The 2016 countdown is on.
The gloves are off, the bets are on, and the crystal balls are glistening – commentators everywhere are waxing lyrical on what’s likely for the year ahead.
But when it comes to content what’s really out there for 2016?
Read on for a few of the fittest contenders.
Real-time, low res video will be the marketer’s new best friend.
While video has been top of the content pile for a while already, it’s increasingly expected to happen in the now. Meaning that apps like Periscope and Meerkat, which allow you to stream live video directly to your audience, will be more and more important in the coming year. Millenials, in particular, expect to see things happen in real-time, and are less concerned about high-quality video than they are about keeping abreast of events literally as they unfold.
Similarly, apps like Snapchat, Instagram and Facebook are being used to share quick, close to real-time video-on-the-go. Not surprising then that online video ads are showing higher click-through rates than their text-based equivalents. One small tip – don’t assume that the social video revolution is confined to B2C – B2B organisations are also in the game.
Visuals will become ever-more sophisticated.
As visuals are becoming more important in capturing audience attention amongst the deluge of content out there, it’s safe to say that those same audiences expect greater sophistication in what they see. Enter the increasing use of gifs, cinemagraphs and interactive visuals to tempt users to engage. The slickness of what we produce on the visual front is also being enabled by the faster connections now available, particularly in the mobile sphere.
Optimisation for mobile will be taken as a given.
While ‘mobilegeddon’ (Google’s algorithm to favour mobile-friendly sites, released last April) was one of the big digital events of 2015, optimising websites and content for use on mobile will become even more important in the year ahead. Notwithstanding the power of the dreaded algorithm, expectations have changed, and most mobile users will now simply click away from sites that can’t be easily navigated on a mobile device. Producing mobile-friendly, multi-platform, adaptive content will be the only way to go. This short video gives an overview of what constitutes mobile-friendly content.
Content may be tailored for compatibility with virtual assistants.
Experts believe that as mobile over desktop increasingly becomes the norm, more voice searches and smart assistants will change the nature of search. The knock-on effect on content will mean that companies may focus on tailoring it to appeal to specific assistants, such as Microsoft’s Cortana, Apple’s Siri or Facebook M.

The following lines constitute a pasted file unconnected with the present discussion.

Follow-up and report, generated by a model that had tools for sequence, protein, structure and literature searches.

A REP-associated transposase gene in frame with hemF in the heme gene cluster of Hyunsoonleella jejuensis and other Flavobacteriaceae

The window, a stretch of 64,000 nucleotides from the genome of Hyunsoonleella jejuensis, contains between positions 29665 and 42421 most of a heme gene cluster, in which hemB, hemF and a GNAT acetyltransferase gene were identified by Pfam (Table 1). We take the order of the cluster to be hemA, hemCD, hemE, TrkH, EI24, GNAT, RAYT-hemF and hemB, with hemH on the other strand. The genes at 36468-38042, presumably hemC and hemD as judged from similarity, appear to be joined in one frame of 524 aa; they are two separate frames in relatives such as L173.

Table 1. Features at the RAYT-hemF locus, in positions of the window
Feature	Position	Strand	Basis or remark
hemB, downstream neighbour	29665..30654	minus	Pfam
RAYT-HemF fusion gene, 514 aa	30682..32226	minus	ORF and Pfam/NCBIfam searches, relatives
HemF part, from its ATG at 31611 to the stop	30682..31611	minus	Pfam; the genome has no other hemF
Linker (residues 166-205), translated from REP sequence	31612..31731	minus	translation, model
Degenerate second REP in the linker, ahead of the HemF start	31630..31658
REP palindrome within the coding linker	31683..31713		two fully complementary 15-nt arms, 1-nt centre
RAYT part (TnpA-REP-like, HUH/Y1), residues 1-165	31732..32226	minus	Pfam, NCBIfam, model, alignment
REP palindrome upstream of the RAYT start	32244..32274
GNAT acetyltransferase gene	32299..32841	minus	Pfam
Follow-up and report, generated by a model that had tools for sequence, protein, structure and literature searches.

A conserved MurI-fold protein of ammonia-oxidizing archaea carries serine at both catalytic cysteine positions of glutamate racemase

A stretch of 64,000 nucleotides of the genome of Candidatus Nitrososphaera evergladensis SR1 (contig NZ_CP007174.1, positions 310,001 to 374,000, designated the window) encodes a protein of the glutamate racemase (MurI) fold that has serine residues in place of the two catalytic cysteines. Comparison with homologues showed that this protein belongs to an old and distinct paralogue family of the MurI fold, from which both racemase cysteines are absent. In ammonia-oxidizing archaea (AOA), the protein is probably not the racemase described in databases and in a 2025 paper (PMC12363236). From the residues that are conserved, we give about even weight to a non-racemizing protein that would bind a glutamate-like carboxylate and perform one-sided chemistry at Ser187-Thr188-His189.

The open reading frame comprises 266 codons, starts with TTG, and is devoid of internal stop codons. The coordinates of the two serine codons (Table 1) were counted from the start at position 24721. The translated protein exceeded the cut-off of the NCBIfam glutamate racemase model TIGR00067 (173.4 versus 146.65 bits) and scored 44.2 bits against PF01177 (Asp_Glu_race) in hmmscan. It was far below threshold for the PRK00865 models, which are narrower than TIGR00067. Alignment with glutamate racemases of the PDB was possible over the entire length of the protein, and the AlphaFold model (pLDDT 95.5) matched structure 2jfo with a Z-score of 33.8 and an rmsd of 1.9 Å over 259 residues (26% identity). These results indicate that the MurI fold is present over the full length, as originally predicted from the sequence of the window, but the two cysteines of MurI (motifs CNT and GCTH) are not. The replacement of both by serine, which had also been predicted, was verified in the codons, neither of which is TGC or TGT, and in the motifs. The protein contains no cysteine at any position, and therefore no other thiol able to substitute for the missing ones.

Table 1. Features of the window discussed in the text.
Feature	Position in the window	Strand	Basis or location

Social media will continue to morph, with Instagram and Snapchat taking front row seats.
The use of Instagram has been growing exponentially; there are currently more than 400m users on the platform. Snapchat figures are also leaping ahead, making it no longer just the latest social media fad but a genuine contender in the marketing space. Any organisation targeting the younger age demographic will be giving it some serious consideration in 2016.
More search will happen within social media platforms.
While Googling your topic of choice won’t disappear anytime soon, finding relevant information from within Facebook, Instagram and Twitter will become more common than before. Even the fact that Instagram introduced a proper search field on its web offering in 2015 suggests this trend is one to look out for. What does it mean for brands and content creation? At the very least, it heralds opportunity and change in ad space related to these platforms.
With in-app indexation, more content will be created specifically for apps.
While the full roll out of in-app indexing is still in flux, app content now shows up in Google search results. Marketers will start to think about how they can capitalise on this, and begin to create content specifically with apps in mind.
Interactive, tailored content will be flavour of the year.
Interactive content that changes or responds to prompts by users will continue to develop and grow. It could be in the form of interactive video, where a user can choose one of a number of storylines, or a chart displaying information as a user hovers over an area. Where content was previously a uni-directional, simple message delivered in a straightforward way, user choice and participation are now fast becoming the norm.